The future of Suffolk Children’s Centres

Letter to the Cabinet member for Childrens Services , published in the EADT

Dear Cllr Jones

Subject:  Consultation, Children’s Centres

Julia Truelove SCCYou will recall that much thought and planning was given to the location of these Centres when first established. It was decided that they were the best places where the need and their accessibility would result in the best possible outcomes for children, both presently and in the future.   We write to urge that you do not close any Children’s Centres.

These imperatives have not changed. Closing Centres are likely to deter those who may be in most need. Families presently using those proposed for closure may well be deterred from going to another, not able to manage issues such as cost, accessibility, time and motivation.

We would also ask that you re-consider your proposals by noting that all measures to provide support and direction for the benefit of children have recognised that Children’s Centres are the bedrock of such initiatives. They have contributed hugely to multi-agency approaches. For example, from 2011, when it was recognised that 0-11 years was the critical period for intervention and a team approach put in place, to the present LAC project and multi-agency safeguarding tenets.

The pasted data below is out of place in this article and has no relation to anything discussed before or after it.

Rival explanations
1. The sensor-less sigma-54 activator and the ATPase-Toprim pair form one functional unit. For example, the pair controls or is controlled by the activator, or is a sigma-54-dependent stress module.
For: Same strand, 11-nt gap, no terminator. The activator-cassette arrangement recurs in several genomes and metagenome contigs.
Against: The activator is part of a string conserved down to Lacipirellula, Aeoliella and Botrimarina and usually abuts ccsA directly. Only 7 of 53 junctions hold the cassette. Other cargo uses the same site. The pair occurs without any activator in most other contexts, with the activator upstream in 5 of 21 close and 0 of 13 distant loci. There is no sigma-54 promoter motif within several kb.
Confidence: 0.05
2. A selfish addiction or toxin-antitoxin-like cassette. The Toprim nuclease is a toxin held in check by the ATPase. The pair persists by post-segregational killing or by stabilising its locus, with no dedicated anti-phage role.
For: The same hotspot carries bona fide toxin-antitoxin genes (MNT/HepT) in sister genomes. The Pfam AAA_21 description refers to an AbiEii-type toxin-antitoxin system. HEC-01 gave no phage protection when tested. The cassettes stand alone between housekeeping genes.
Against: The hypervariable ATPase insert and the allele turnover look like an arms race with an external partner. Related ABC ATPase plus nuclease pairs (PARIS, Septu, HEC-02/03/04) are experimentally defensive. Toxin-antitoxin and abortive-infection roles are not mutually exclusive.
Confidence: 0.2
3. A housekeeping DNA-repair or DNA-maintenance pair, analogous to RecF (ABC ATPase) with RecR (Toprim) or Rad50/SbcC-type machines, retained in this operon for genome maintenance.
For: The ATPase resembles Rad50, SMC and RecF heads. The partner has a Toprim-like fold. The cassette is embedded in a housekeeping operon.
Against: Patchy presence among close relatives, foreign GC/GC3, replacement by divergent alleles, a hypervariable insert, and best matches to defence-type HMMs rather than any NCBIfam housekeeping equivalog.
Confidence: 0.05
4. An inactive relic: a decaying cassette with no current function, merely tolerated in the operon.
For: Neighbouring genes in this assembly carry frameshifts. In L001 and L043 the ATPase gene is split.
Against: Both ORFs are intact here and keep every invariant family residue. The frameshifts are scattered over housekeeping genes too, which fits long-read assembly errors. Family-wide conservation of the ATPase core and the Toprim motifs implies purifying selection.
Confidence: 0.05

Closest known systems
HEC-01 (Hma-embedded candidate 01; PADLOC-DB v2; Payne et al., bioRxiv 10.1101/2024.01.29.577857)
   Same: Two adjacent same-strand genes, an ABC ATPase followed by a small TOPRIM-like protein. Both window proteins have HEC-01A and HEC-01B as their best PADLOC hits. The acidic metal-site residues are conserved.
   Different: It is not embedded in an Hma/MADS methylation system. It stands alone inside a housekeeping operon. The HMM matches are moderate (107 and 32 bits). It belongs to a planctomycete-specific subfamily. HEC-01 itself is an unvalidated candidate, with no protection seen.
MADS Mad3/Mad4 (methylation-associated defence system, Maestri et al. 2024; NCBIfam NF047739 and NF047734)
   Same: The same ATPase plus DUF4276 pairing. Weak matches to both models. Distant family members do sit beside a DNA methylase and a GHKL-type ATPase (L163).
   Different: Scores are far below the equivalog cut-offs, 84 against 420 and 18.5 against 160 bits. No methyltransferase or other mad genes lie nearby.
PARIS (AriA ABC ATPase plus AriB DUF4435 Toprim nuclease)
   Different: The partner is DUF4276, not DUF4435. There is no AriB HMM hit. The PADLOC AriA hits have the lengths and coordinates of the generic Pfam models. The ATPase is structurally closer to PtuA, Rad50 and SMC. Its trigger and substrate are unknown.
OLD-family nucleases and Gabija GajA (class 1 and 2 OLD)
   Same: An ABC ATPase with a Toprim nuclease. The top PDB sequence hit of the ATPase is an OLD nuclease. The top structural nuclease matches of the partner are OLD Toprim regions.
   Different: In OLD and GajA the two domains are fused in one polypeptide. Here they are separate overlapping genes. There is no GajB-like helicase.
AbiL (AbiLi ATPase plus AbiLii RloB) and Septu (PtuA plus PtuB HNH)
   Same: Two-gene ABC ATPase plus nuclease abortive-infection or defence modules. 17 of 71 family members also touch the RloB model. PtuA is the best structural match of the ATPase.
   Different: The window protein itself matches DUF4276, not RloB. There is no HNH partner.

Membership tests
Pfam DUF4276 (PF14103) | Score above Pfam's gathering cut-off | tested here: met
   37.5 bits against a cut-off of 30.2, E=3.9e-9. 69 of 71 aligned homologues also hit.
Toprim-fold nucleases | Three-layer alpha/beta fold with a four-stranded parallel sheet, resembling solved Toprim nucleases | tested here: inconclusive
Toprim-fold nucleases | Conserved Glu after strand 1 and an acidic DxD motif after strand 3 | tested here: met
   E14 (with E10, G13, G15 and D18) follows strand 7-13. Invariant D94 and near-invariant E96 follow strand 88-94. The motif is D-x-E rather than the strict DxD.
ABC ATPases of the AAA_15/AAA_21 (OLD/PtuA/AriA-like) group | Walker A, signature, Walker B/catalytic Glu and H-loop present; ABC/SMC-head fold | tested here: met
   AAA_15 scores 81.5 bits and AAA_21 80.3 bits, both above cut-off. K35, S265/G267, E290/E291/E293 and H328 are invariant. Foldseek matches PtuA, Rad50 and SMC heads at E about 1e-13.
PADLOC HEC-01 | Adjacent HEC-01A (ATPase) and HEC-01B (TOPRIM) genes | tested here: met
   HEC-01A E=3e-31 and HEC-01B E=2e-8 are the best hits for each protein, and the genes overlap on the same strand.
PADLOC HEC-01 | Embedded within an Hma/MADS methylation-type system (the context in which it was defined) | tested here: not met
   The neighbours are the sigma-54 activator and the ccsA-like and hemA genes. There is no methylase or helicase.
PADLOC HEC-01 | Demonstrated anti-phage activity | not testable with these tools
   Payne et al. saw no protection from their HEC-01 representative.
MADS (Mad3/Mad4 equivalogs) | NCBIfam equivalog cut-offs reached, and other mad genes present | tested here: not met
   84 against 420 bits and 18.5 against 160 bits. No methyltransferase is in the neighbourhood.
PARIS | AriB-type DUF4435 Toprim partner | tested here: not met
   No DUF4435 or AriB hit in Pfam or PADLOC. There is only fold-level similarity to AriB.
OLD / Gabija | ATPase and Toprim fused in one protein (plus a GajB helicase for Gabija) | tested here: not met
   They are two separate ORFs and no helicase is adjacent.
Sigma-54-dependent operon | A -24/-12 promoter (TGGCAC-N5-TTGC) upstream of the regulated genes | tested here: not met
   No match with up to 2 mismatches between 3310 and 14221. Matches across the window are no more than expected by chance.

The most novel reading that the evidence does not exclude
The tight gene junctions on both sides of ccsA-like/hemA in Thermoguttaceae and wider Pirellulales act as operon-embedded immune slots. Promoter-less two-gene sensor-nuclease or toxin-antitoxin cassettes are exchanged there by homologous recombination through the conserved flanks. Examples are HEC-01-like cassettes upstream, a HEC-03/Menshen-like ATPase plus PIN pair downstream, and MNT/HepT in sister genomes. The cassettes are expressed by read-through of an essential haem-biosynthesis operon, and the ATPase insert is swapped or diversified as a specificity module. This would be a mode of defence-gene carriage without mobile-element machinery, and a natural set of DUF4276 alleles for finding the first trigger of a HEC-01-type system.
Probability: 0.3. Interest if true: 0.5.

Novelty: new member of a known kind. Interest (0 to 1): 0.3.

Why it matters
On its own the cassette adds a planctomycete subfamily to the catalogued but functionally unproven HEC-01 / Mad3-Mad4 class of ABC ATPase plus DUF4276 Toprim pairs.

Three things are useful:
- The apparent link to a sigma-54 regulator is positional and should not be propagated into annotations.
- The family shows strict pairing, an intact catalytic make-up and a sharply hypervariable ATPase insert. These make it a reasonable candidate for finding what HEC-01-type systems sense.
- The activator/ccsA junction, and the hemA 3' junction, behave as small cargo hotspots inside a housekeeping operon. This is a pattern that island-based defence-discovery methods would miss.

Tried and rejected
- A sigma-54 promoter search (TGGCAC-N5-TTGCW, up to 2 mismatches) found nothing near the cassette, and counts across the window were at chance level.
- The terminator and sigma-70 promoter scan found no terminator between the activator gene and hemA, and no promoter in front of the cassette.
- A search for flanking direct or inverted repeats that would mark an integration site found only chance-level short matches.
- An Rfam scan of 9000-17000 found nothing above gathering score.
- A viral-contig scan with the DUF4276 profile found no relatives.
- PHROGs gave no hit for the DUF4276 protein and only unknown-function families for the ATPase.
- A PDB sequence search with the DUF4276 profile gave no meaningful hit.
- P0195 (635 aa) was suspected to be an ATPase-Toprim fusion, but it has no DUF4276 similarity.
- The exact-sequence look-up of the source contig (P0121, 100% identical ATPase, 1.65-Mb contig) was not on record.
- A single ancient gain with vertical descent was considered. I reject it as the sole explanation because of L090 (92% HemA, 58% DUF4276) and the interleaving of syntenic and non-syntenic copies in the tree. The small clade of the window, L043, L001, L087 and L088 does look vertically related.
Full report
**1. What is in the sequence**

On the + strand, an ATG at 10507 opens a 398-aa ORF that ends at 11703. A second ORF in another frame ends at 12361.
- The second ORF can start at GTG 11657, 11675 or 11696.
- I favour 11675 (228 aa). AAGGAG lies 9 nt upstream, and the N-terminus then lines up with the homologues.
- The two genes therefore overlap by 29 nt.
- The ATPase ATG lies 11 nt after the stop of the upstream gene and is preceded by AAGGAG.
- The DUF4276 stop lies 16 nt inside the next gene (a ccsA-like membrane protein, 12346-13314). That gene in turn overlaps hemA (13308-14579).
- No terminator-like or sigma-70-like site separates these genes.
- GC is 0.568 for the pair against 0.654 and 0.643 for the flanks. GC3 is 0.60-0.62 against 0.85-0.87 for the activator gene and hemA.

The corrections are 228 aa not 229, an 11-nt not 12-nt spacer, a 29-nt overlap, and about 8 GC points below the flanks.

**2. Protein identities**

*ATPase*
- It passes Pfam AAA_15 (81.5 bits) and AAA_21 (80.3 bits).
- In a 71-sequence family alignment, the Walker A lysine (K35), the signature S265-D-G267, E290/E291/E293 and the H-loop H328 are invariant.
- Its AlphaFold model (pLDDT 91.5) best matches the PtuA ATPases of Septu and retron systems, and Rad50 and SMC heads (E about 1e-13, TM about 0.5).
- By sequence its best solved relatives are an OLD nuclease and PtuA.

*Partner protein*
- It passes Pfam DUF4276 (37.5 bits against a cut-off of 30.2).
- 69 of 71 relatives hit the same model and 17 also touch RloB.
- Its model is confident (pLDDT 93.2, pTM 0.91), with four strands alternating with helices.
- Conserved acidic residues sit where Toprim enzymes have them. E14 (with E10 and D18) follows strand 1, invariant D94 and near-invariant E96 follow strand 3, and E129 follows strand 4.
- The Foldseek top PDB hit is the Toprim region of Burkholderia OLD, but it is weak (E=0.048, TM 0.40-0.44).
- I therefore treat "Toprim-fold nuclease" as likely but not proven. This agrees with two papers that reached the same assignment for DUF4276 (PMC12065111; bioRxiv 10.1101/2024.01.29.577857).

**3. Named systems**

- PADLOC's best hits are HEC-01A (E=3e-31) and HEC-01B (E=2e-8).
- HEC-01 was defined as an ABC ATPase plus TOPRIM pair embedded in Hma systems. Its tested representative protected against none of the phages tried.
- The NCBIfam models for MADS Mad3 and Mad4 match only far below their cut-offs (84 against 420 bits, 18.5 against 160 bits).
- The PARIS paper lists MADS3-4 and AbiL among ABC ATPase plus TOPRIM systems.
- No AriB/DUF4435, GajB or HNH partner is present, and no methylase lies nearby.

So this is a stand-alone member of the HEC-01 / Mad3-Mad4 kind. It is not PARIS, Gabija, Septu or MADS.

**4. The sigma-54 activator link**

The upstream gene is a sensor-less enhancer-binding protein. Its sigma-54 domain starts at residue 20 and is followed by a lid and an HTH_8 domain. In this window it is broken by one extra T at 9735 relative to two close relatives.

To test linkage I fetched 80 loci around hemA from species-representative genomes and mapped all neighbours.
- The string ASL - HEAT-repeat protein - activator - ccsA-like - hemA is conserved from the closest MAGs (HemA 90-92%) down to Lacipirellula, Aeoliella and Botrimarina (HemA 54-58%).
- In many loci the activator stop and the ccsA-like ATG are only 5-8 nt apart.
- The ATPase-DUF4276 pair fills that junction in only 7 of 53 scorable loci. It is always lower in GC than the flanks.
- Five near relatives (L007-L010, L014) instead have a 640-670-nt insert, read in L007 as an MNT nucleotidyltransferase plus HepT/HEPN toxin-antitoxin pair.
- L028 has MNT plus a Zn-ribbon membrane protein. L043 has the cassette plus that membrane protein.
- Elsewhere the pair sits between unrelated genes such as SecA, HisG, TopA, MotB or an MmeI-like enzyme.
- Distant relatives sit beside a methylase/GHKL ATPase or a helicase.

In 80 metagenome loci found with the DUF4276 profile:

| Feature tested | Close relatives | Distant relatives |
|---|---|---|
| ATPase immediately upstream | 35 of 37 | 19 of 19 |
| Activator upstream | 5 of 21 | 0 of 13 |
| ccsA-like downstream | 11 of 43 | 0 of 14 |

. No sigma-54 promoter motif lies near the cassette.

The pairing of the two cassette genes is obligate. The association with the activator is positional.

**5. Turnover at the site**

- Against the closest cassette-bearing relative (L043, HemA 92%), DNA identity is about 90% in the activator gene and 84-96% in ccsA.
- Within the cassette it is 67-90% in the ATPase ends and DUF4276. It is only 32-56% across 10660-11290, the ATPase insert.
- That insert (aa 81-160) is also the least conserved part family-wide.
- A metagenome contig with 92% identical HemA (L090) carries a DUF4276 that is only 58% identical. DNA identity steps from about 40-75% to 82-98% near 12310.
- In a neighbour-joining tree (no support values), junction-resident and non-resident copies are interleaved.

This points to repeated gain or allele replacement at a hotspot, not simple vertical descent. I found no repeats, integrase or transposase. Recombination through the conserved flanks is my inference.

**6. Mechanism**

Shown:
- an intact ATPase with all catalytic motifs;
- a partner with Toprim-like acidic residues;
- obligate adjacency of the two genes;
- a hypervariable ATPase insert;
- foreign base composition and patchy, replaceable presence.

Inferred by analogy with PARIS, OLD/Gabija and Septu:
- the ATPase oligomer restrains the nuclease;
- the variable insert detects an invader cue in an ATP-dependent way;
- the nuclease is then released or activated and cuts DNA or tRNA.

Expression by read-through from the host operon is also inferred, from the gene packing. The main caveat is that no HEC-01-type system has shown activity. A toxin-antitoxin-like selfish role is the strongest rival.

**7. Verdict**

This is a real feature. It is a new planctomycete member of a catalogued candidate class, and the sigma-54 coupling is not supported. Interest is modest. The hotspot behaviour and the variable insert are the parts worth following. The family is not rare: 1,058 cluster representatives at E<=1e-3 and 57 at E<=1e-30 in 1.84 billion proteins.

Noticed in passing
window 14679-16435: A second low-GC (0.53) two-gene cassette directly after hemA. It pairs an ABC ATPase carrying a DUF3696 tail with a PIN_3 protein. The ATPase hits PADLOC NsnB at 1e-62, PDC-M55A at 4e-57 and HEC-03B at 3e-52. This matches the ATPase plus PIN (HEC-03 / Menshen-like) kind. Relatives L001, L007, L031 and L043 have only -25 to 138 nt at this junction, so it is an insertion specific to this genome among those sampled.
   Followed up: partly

Rightly, SCC needs to save money. However, we should equate the cost  of retaining all Children’s Centres with that for placing Out County children in care: up to £1500 a week, and for foster carers between £800 and, shortly, £1,000 pounds a week These costs are likely to rise.

As corporate parents we should endorse all measures to prevent children coming into care.

Keeping all Children’s Centres open would help significantly towards continuing this aim.

Liberal Democratic Group

Suffolk County Council

 

Speaking on the matter at Suffolk’s Full Council, Cllr Penny Otton added : “I am very concerned at any closure in rural areas, with little of any public transport,  will have a drastic effect on mothers, fathers and carers. Families in the armed forces stationed far from home and their family backup. The idea that qualified library staff will be able to replace the expertise of children’s centre managers and staff is madness. How can they be expected to help families in crisis?